With the previous methods, tiny flakes of graphene form with random orientations, leaving defects or seams between flakes that grow together.… read more

How to use Amazon Cloud supercomputers to view molecules in remarkable detail

Cloud computing code speeds processing of data-intensive microscopy data
February 5, 2013

Salk Institute for Biological Studies researchers have shared a how-to secret for biologists: code for Amazon Cloud that significantly reduces the time necessary to process data-intensive microscopic images.

The method promises to speed research into the underlying causes of disease by making single-molecule microscopy of practical use for more laboratories.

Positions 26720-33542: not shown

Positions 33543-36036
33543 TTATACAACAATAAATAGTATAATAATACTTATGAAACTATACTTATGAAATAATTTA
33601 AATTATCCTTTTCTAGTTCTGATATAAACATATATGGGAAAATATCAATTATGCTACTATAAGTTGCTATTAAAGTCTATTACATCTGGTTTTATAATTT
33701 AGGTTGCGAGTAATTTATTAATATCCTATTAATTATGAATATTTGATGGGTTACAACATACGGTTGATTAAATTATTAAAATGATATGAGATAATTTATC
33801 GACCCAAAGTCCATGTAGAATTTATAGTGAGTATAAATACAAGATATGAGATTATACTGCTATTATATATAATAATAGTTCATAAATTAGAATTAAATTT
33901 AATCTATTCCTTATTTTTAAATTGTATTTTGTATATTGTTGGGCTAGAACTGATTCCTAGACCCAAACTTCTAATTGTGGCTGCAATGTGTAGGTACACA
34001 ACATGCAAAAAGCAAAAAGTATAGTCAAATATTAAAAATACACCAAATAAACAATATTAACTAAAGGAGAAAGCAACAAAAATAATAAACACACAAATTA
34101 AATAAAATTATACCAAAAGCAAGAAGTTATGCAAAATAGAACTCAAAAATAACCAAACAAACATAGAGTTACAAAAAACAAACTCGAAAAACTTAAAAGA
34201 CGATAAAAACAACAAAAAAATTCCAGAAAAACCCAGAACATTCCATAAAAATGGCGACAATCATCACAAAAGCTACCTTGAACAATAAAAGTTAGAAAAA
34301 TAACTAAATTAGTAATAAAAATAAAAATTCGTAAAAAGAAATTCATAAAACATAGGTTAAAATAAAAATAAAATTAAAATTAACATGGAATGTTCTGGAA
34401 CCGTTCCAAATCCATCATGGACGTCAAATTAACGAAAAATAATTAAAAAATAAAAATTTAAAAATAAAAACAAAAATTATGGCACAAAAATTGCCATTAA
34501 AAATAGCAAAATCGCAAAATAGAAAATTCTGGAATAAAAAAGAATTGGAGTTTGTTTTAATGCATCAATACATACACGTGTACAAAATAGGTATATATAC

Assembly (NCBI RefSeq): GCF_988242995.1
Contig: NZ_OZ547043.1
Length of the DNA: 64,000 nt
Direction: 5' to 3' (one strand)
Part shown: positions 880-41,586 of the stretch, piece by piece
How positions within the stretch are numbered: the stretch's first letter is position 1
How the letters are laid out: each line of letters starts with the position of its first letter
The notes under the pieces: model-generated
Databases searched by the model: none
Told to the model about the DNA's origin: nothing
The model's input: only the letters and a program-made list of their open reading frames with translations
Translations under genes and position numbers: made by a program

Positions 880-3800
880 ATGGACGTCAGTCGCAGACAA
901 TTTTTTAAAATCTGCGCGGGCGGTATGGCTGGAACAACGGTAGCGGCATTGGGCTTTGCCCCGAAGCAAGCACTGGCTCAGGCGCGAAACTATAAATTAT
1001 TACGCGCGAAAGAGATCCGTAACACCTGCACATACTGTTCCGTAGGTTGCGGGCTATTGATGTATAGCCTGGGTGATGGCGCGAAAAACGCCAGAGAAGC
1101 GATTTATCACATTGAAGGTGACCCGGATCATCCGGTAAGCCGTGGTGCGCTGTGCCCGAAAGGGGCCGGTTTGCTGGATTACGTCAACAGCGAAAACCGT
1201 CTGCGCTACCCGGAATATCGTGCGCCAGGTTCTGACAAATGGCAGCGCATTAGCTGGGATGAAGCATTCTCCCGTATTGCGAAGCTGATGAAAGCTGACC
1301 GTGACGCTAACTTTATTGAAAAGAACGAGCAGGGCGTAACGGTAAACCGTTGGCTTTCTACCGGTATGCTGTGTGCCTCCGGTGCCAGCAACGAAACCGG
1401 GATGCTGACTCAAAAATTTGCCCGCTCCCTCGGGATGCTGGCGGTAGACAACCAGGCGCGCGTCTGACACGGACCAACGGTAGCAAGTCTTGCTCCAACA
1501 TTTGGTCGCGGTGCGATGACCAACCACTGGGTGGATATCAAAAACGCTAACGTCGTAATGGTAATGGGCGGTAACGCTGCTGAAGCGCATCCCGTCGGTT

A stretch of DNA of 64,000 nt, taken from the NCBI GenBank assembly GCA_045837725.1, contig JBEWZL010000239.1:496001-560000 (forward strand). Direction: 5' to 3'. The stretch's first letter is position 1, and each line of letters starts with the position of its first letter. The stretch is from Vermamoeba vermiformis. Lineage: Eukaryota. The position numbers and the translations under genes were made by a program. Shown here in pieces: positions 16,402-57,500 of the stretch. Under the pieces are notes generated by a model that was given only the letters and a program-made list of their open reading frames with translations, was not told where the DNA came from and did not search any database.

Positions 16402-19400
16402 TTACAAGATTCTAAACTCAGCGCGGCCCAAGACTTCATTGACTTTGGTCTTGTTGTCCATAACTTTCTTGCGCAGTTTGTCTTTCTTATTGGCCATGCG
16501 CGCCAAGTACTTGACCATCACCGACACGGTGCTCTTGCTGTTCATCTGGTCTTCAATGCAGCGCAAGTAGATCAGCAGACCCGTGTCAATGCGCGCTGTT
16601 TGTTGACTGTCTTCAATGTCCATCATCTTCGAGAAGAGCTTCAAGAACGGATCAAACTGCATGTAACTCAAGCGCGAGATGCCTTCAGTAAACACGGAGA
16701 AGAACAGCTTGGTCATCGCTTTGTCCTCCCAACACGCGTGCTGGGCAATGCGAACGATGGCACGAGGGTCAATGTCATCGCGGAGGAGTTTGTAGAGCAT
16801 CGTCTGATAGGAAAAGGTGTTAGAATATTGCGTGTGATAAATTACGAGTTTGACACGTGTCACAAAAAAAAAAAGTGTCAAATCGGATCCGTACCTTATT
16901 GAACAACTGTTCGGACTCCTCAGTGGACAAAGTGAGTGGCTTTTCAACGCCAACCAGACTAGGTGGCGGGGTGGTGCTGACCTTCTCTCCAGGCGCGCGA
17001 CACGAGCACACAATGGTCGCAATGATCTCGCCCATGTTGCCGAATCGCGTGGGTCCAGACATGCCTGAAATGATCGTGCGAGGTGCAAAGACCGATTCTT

“This is an extremely cost-effective way for labs to process super-resolution images,” says … read more

A fiber-optic method of arresting epileptic seizures

February 5, 2013

Blocking a seizure. The vertical green bar indicates online seizure detection, prior to the start of stage 4–5 behaviour (arrow). The yellow bars under the trace highlight the theoretical window for intervention.

 

UC Irvine neuroscientists have developed a way to stop epileptic seizures with fiber-optic light signals, heralding a novel opportunity to treat the most severe manifestations of the brain disorder.

Using a mouse model of temporal lobe epilepsy, Ivan Soltesz, Chancellor’s Professor and chair of anatomy & neurobiology, and colleagues created an EEG-based brain-waves-sensing) computer system that lights up hair-thin fiber optic… read more